I have a MySQL slave server that has two databases being replicated from a master. What I'd like to do is add a third database that I will exclude from replication and use as a read/write database. Basically this is a database to store local session variables, so I won't have to run MySQL on the application server in this region.

So my questions are:

  1. Can I do this?
  2. If I can, is it a good idea, or should I keep the slave strictly to read only databases (beyond practical considerations)?

Any answer much appreciated, technical explanations and links to more reading would be great. I've found it difficult to Google much on this topic.


You can safely write to a schema on the slave if that schema does not exist on the master or if you correctly use replication filters to prevent its replication to the slave.

"Correctly" is the important word in that sentence. Refer to this page:


Check the --replicate-do-db and other filter settings, and note that the behavior changes based on whether binlog events are formatted as rows or as statements. When statement-based replication is being used, replication filters only apply to the database in use as the current database. When row-based replication is used, the filters are applied regardless of current database.

Be sure you get this right, otherwise, you could have a situation like this:


Then you do this:

USE zebra;
TRUNCATE monkey.tablex;

Guess what? tablex just got truncated on both master and slave. However, if you had this instead:


and did the same TRUNCATE on the master, monkey.tablex would not be truncated on the slave.

Note that this all applies according the binlog_format in use at the time the event is logged, and since binlog_format can be changed on a per-session basis, you can get some surprises unless you know exactly what's going on.

Having said all that, if the schema you're writing to does not even exist on the master, then you have nothing to worry about, other than the fact that you can't have read_only or super_read_only set on the slave if you plan on writing to it, so you can't count on it preventing write activity.

| improve this answer | |

Yes, in general you can safely write to a table/tables on the slaves that is not being written on the master.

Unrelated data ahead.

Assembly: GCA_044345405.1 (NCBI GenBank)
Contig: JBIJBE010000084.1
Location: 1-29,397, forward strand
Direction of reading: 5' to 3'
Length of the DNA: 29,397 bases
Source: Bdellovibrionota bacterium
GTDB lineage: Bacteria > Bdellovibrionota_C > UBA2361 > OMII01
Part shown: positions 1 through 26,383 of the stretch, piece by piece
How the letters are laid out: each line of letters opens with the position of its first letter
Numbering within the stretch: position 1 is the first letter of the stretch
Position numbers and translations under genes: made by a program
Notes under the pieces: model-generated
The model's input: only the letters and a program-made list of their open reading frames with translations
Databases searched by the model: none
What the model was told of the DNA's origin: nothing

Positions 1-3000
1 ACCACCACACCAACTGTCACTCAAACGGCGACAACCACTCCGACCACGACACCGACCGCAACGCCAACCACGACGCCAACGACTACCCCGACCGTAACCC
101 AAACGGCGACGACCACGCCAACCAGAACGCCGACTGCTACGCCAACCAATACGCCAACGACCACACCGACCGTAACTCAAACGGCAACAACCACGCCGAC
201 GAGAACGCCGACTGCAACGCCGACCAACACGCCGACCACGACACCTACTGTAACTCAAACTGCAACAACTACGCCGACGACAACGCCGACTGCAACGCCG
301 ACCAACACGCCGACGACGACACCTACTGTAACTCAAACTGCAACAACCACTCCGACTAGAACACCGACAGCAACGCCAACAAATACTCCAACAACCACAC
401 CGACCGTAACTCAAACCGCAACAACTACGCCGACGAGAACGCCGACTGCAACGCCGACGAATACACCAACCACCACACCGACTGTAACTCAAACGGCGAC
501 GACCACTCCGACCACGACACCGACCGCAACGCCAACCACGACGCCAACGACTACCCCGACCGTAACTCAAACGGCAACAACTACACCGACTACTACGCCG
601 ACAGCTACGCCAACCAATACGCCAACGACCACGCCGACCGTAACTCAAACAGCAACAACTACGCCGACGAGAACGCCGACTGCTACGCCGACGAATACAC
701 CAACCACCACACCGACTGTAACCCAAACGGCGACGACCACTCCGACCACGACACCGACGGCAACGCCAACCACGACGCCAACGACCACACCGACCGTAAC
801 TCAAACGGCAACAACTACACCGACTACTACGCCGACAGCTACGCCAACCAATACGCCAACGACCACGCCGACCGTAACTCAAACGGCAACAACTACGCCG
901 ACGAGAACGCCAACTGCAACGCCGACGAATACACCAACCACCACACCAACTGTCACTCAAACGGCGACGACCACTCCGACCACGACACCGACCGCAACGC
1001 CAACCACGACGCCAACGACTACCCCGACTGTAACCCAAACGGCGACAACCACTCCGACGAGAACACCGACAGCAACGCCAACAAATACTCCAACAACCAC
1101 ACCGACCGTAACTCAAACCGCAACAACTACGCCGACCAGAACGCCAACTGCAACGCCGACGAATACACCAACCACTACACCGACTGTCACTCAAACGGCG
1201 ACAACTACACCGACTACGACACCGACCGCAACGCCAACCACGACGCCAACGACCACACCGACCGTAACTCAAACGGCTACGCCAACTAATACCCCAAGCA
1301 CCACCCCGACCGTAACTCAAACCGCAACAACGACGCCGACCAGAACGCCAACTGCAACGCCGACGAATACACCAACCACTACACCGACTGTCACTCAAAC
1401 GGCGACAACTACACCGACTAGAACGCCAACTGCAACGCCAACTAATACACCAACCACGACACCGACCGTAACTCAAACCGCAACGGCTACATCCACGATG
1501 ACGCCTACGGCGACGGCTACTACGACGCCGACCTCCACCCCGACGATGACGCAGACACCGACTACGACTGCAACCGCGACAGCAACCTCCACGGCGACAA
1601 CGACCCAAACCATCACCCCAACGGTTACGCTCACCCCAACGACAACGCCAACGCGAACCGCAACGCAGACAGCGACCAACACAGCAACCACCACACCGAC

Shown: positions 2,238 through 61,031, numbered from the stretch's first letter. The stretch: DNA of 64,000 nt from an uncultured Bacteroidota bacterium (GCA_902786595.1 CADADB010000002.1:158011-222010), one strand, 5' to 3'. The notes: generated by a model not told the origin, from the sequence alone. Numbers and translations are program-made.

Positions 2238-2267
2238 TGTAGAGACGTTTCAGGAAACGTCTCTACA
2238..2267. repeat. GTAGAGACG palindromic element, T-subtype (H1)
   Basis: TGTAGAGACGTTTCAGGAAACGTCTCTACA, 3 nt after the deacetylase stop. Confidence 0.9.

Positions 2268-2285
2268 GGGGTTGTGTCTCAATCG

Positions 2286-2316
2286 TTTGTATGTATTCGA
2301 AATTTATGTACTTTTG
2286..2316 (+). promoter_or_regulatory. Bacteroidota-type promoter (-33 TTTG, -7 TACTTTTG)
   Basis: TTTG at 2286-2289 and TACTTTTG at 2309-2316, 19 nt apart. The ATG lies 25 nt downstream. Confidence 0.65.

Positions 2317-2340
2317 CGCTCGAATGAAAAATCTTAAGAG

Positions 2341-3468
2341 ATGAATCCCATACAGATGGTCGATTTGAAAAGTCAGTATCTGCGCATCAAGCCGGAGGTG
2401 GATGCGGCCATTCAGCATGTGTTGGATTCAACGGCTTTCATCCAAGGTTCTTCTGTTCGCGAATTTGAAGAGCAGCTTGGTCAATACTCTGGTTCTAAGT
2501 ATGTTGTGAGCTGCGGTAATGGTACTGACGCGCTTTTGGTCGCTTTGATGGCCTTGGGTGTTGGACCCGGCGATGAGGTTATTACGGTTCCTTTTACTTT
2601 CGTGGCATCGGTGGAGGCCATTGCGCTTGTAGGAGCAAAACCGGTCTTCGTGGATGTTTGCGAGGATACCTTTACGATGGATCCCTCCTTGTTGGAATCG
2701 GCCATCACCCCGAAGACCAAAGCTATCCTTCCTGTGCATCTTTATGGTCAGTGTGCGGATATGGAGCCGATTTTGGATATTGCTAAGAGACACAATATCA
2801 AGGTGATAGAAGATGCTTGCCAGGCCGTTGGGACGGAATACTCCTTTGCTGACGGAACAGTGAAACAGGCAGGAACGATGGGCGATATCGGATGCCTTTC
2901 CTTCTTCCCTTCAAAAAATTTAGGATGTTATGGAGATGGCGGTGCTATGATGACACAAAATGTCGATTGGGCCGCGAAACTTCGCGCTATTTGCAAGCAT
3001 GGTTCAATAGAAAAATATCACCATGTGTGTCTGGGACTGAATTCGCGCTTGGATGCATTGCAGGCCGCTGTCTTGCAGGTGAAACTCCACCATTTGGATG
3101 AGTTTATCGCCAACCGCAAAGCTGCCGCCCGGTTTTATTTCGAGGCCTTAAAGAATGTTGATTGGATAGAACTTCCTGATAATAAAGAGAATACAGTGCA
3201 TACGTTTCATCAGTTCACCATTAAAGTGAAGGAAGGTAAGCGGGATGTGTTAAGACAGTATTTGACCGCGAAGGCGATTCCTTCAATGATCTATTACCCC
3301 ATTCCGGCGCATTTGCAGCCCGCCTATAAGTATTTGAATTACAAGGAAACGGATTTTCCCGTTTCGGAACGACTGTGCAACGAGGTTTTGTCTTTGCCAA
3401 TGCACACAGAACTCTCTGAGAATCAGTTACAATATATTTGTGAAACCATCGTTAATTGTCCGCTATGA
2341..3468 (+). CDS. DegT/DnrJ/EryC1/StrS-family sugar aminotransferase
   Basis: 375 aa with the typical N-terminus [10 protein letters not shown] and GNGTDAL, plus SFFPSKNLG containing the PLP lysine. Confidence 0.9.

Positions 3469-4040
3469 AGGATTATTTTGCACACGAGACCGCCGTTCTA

You should configure those tables to be excluded from replication process entirely.
Unless you have a Master - Master replication i won't suddgest using writes on your slaves with a default configuration.
Master-master replication is actually two master-slave replications. This allows to make read and write transactions on both servers, as data propagation from master to slave goes very fast oposit to data propagation from slave to master which requires much more time.

If you are using master-slave replication, than most likely you will design your application the way to write to master and read from slave or several slaves. But when you are using master-master replication you are going to read and write to any of master servers. So, in this case the problem with autoincremental indexes will raise. When both servers will have to add a record (different one each server simultaneously) to the same table. Each one will assign them the same index and will try to replicate to the salve, this will create a collision.
Simple trick will allow to avoid such collisions on MySQL server.

On the Master 1/Slave 2 add to /etc/my.cnf:

auto_increment_increment= 2
auto_increment_offset   = 1

On the Master 2/Slave 1 add to /etc/my.cnf:

auto_increment_increment= 2
auto_increment_offset   = 2
| improve this answer | |

Your Answer

By clicking “Post Your Answer”, you agree to our terms of service, privacy policy and cookie policy

Not the answer you're looking for? Browse other questions tagged or ask your own question.